• When the method of FIG. 4 is completed, the time at which the performance factor PF[t] is greatest is used as the time for pressure testing in subsequent test cycles, as shown at 220.
  • Referring now to FIG. 5, a related methodology 300 is illustrated, for computing the duration of the stabilization region 12 of a testing cycle (see FIG. 1) for a measurement that is not constrained to a given total measurement time. The first step 302 of the method of FIG. 5, as in FIG. 4, is to compute a fill time to be used with the unit under test, utilizing the method of FIG. 3 described above. Next, in step 304 a unit known to be leak free is filled, with orifice 42 closed. The unit is filled for the computed fill time identified in step 302, and thereafter the unit is isolated from the pressure source as described above, and then the pressure in the unit is captured as a function of time for an elongated period, longer than any likely stabilization period that may be required (e.g., 30 to 60 seconds).
  • In the next step 306 a similar test is performed, but with the orifice 42 of FIG. 1 open, to simulate the results achieved with a part having the minimal rejectable leak. Thus step 306 generates a second pressure decay profile corresponding to a leaking unit.
  • In step 308, the profiles captured in steps 304 and 306 are used to compute DIFF(t) and CR(t) values at a number of possible times during the extended period.
  • Steps 304 and 306 are repeated, as shown at 310, a number of times, with the same or a different leak-free unit, to create combined values for DIFF and CR at each of several times.
  • The CR[t] and DIFF[t] values captured in steps 304 through 308 are then utilized in computing performance factor figures in step 312, according to the methods discussed above with reference to step 216 of FIG. 4. Thereafter, in step 314, it is determined whether the largest value of PF[t] is sufficient, as discussed above referencing step 218 of FIG. 4. If not, further measurements are repeated by returning to step 304. If a sufficient value of PF[t] has been found, the process completes at step 316, and the time at which the performance factor is greatest is selected as the time when a pressure test will be performed.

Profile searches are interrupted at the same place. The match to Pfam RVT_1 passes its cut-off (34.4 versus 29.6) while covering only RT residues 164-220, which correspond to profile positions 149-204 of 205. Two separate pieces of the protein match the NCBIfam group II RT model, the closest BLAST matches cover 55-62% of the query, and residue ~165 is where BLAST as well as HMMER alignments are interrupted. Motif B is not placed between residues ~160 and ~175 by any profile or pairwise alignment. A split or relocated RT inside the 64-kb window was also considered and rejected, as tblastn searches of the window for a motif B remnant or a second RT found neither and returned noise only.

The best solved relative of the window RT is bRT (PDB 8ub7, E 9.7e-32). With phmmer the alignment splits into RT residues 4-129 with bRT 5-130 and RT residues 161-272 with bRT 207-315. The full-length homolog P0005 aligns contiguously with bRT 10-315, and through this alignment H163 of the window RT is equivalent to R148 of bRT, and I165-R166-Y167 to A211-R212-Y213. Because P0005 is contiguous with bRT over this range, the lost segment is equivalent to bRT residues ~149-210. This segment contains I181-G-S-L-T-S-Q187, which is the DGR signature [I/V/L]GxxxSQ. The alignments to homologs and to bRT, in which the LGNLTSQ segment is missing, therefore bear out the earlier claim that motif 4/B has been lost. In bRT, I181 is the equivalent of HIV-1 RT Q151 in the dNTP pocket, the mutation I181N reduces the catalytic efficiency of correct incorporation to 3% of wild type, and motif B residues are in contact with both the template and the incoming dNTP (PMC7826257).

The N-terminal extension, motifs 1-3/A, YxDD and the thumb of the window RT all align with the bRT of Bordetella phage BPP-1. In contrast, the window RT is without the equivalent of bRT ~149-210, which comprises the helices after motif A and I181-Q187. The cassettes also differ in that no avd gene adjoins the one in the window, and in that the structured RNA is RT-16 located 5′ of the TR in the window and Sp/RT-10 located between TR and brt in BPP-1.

• Referring now to FIG. 6, a methodology 400 is illustrated, for computing the duration of the stabilization region 12 of a testing cycle (see FIG. 1) for a measurement using gauge repeatability and reproducibility (R&R) methods. For this method, an R&R measure is computed as a function of time, according to the formula:
    R&R(t)=5.15·σ(t)/(RL(t)−NLL(t))
    The R&R measure assesses the relative size of the reject limit and the variations in measurements of leak-free units. A smaller R&R measure reflects a decreasing likelihood that leak-free units will to be rejected.
  • In the R&R formula, σ(t) represents the variations in measurements of leak-free units; at any given time a is the standard deviation of the difference between the pressure loss and no leak loss measured at that time in a sample of measurements taken on (a) unit(s) having negligible leakage. The measurement sample may be derived from a single negligible-leakage unit measured several times, or measurements of multiple negligible-leakage units.